The PR Fuel Mailbag: the Cost of Public Relations, Press Release Don’ts, and More

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It’s once again time to dip into the PR Fuel mailbag for another batch of reader queries. How much do I charge for public relations services? Can a newswire service refuse to distribute my press release? Come find out the answers to these puzzlers from the world of public relations.

Question: I recently started a small public relations firm, doing press for my artist friends or those with start-up companies. Many are coming to me by word-of-mouth or are acquaintances, and I’ve faltered when naming a price for these services.  I have asked other public relations professionals to help me price the product, but they give me vague answers. Please help me start earning an income without out-pricing myself or undercutting my colleagues through ignorance.

Answer: Coming up with a pricing scheme is difficult for many businesses, especially for small public relations shops. There’s no easy answer; it’s going to be up to you as the entrepreneur to decide the  value of your services.

Pricing for public relations services differs from market to market, and from firm to firm. I’ve seen everything from firms that asked for $5,000-per-month retainers to $50,000 for a six-month program. Personally, I’ve charged anywhere from $100 to $1,500 to write a press release, and I’ve done plenty of work pro bono.

My suggestion is to try to get an idea of the budgets of your prospective clients; from there, you can figure out how to offer a package of services that meet their budgets while allowing you to actually profit from the work.

hate writing press releases

If you can’t get a ballpark figure on the budget, call some other public relations firms, tell them you’re launching a business, and see what they charge. That may sound a bit devious, but it’s not any different from an auto dealer checking out its competitors’ advertisements.

Question: I tried to issue a press release through a major newswire service but they rejected it. I ended up issuing a new press release, but I don’t feel that it was as effective as the original press release would have been. Do I have any recourse?

Answer: Press release distribution services have clear, if sometimes vague, disclaimers.

It’s important to remember that you’re just a guest when on someone else’s newswire service when you’re issuing a press release. Press releases that contain libelous, false, or misleading statements can lead to lawsuits, and lost business for the newswire service. Just because someone offers a newswire service, it doesn’t mean that they have to release every diatribe or advertorial you can come up with.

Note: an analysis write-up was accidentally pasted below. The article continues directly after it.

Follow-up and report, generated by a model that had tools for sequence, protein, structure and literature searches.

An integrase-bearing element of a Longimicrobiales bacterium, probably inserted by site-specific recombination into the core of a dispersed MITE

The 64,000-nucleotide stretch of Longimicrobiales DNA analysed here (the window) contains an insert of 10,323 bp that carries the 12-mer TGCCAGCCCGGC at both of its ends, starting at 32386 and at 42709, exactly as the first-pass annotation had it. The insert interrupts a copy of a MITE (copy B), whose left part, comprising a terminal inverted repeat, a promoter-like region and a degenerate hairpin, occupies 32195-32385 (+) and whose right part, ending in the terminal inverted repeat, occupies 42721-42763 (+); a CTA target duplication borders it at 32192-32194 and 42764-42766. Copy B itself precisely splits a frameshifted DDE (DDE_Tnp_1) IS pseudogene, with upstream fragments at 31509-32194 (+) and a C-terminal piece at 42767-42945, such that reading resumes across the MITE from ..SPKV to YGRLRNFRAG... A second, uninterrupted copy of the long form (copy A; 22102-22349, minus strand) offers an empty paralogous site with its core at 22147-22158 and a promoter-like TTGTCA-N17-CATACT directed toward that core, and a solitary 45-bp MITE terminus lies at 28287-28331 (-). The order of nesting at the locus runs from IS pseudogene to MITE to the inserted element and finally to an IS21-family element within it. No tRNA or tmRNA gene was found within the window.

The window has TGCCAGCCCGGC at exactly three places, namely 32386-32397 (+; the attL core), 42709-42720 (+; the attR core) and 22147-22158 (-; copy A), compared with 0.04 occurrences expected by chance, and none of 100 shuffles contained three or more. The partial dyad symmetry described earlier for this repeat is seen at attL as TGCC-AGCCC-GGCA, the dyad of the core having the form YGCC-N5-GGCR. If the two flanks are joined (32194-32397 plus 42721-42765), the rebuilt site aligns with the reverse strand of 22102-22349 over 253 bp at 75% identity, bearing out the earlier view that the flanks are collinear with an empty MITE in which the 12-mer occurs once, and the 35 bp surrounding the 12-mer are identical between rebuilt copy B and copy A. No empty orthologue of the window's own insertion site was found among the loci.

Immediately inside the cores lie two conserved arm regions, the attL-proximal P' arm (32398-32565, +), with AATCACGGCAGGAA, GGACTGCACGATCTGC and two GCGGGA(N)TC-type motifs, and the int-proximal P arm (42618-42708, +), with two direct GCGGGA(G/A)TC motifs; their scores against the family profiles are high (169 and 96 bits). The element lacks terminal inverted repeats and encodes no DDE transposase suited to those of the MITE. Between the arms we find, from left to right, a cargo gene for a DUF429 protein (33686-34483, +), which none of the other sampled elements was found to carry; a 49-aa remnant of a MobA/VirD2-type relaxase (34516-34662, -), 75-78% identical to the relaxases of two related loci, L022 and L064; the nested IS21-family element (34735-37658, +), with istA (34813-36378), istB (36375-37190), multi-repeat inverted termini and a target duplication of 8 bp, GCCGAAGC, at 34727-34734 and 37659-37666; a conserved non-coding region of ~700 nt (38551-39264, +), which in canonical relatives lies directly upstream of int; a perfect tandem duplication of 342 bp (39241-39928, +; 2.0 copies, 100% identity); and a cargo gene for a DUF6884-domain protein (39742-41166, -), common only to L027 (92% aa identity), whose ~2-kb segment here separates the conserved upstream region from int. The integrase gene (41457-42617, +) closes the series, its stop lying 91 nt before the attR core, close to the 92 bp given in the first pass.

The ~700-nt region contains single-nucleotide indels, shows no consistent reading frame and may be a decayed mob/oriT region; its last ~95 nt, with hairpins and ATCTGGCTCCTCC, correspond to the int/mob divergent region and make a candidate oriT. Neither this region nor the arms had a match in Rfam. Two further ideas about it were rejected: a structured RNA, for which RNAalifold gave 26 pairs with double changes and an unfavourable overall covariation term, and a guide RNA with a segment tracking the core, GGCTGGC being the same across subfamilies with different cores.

Having read this particular press release, it’s easy to understand why it was rejected. It contained libelous statements about two individuals and read like it was written by a fourth grader. I think the press release would have done more damage than good, and you should be relieved that someone at the newswire service felt compelled to reject it.

Question: How can I go about building solid relationships with business journalists? I know that’s a broad topic, and I also realize that there’s no one answer on how to pitch to business journalists. But I have yet to interact with any business journalists, so I was hoping you could point me in the right direction.

Answer: Building a relationship with a business journalist can be just like building a relationship with anyone else. For starters, treat business journalists with the same respect you wish to be accorded. Speak to them, not at them. Understand that they have deadlines, so respect those deadlines. Also understand that calling a business journalist near deadline can irritate them to no end.

Second, try to find a common ground. Do this by researching the people you pitch or deal with on a regularly. I deal with a handful of business journalists on a weekly basis. I know where each of them took their last vacation, and I know what ailed them the last time they were out sick.

Third, remember that journalists take a lot of pride in their work, but also remember that they don’t know everything. Be helpful when they call for information, and be helpful by pitching them stories that make sense for their beat and readership.

Lastly, just be yourself. If you’re good at making friends and easy to get along with, carry that attitude over to public relations. The vast majority of people I’ve dealt with on both sides of the fence — media and public relations — are outgoing. It makes sense, as both jobs entail communicating with individuals and large audiences.

Question: I had my client booked to appear on a television talk show, but his segment was cancelled due to a breaking news event. The producer apologized and said they would reschedule the segment, but it’s been a week and I have not heard back. What should I do?

Answer: Segments get bumped, stories get killed, and quotes get left on the cutting room floor. Unless you’ve got some real star power with your client — i.e., a celebrity or major CEO — you’re just out of luck for the time being. Send the producer an email thanking her for help and letting her know that your client is available in the future. Do not, however, say that your client is upset, or complaining. The producer’s job does not revolve around any one guest.

Most producers try their best to make up for bumped segments, and most journalists do a good job of making up for a killed story or quote. You just have to be patient. Then you pounce and remind the producer or journalist of the earlier snub.

This article, written by Ben Silverman, originally appeared in PR Fuel (, a free weekly newsletter from eReleases (, the online leader in affordable press release distribution. To subscribe to PR Fuel, visit:

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